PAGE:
Lack of insurance coverage means many kids won’t get help for their hearing impairment, which is linked to serious risks.
When it comes to advocating for important issues, Barb Byrum is a pro. The Michigan Ingham County Clerk and former state Representative is not shy about speaking out on behalf of people who may not otherwise be heard.
So it’s no surprise that she’d do the same for her own child.
A mother of two, Byrum and her husband learned early on that their son, Bryce, was having hearing issues. He failed his very first hearing test as a newborn. Now in kindergarten, Bryce has failed nearly every hearing test he’s been given since, and was eventually diagnosed with conductive hearing loss in his left ear that fluctuates, known as a mixed hearing loss.
“We aren’t sure if his hearing will get worse, but we’re confident that it will not get better,” Byrum told me.
Diagnosing Bryce’s hearing loss required numerous tests, including multiple visits to an otologist — a hearing specialist — and an audiologist, speech and language diagnostics, and imaging tests including an MRI and CT scan. All of it was covered under Byrums’ insurance plan with only a small co-pay.
What they learned was not covered, however, is the cost of the hearing aid Bryce needs. Byrum said it came as a real surprise to her, even after six years in the Michigan Legislature, that hearing aids aren’t covered by private insurance in Michigan.
I never had to think about it, but I’ve been reaching out to the Legislature to start this conversation now. We’re fortunate we could afford the $1,450 for Bryce’s hearing aid, because he needs it, but that’s out of reach for a lot of families.
Hearing impairment is a safety issue. It’s a learning issue for small people, so they can flourish in school. If it’s not covered, it’s a huge cost to society.
Bobby Mukkamala, MD, a Board-certified otolaryngologist in Flint, agrees about the importance of hearing aids for kids who need them.
“If you’re riding your bike in the neighborhood and you can’t hear a car, it’s a safety issue,” he says. “It doesn’t take much hearing loss to create a problem in that scenario.”
It’s also a learning issue — and because kids like Bryce still have some hearing, it often goes undiagnosed at first, Dr. Mukkamala says.
When you’re hearing out of one ear and not the other, it’s a more subtle deficit that’s not immediately apparent. A kid with one-sided hearing loss who is seated in the back of the classroom just by chance may perform miserably to the point of maybe being held back.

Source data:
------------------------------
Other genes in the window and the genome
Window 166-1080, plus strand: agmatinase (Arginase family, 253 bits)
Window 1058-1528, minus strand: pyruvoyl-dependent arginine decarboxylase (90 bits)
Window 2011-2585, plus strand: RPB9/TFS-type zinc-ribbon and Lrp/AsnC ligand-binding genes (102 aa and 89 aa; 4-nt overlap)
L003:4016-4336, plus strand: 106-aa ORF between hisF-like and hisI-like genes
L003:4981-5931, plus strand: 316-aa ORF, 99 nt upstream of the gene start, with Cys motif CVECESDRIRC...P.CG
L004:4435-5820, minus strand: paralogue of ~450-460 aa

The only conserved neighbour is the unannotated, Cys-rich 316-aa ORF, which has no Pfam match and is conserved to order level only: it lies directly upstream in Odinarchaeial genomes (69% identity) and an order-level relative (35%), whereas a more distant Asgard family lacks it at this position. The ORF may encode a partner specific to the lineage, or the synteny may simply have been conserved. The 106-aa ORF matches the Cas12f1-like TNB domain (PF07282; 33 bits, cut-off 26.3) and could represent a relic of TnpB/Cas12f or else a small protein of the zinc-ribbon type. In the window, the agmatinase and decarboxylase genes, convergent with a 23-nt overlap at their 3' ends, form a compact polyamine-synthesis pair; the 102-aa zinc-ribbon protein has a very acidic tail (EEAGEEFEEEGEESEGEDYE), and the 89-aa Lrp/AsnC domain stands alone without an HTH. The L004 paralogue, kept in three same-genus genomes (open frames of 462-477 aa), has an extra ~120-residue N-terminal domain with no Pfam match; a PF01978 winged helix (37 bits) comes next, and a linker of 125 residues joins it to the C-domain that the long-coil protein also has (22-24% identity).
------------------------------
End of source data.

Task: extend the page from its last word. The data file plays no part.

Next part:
I’ve seen many kids who aren’t immediately diagnosed because their issues seem behavioral. But it has nothing to do with their ability to learn. It’s their ability to hear. Early detection and treatment means kids won’t have to play catchup when it finally gets diagnosed.
Byrum has noticed a big difference in Bryce’s hearing since he was fitted with his hearing aid, which he is excited to have (especially since he got to pick out the color). “He’s not yelling all the time anymore,” she says. “He couldn’t hear himself.”
Getting a hearing aid for Bryce was an important step — but it’s not the end of the cost for Byrum’s family. The batteries need to be changed once a week, and Bryce will outgrow his ear mold like kids outgrow their shoes. There’s one free hearing aid replacement included in the $1,450 price, but for an active kid that may not go far, Byrum says.
You purchase a $1,450 tiny thing no bigger than a quarter, and as a parent of active children you think, ‘What happens when he loses it or goes swimming with it or a soccer ball hits him in the head?’ Usually a hearing aid lasts five to seven years, but with a little person we’ll be lucky to get five years out of it.
Plus, Bryce only needs a single hearing aid. The cost would be double if he had hearing loss in both ears, and some hearing aids can cost $3,500 per ear.
Even with the gains under the Affordable Care Act (ACA) that cover certain preventive services for kids, hearing aids still aren’t covered — something advocates don’t understand. After all, Medicaid covers hearing aids for kids. So why not private insurance?
“It may be the slippery slope argument,” Dr. Mukkamala says. “If insurance companies cover hearing aids for children the next issue will be ‘If it’s good enough for a kid with congenital hearing loss, then why not cover it for someone else?’ I suspect that may be the issue.”
Some states do require insurance companies to cover hearing aids for kids, but Michigan isn’t one of them. This “patchwork” of coverage is one aspect of the ACA that needs to be addressed, so that this important care is available to all children who need it.
It’s not just kids, either. Most private insurance doesn’t cover hearing aids for adults — nor does Medicare, something Michigan Congresswoman Debbie Dingell is working to change.
In the meantime, health reform advocates, physicians and concerned parents like Byrum are doing their best to raise the issue and advocate for change at the state and federal level.
Byrum isn’t just looking out for her own children. She’s looking out for every kid in Michigan who might need one or two hearing aids.
I think people need a lot of education. I’m fortunate that we can afford our son’s hearing aid, and that I have the flexibility to show up at school to advocate for my children. Many families don’t have those resources and it’s a huge issue.
The impact on a child’s life — delays in speech, learning, education — is significant if they can’t get this needed device. So it’s important to shed light on this and hopefully correct it so all people can receive the services and devices they need.
[Photos courtesy of Barb Byrum.]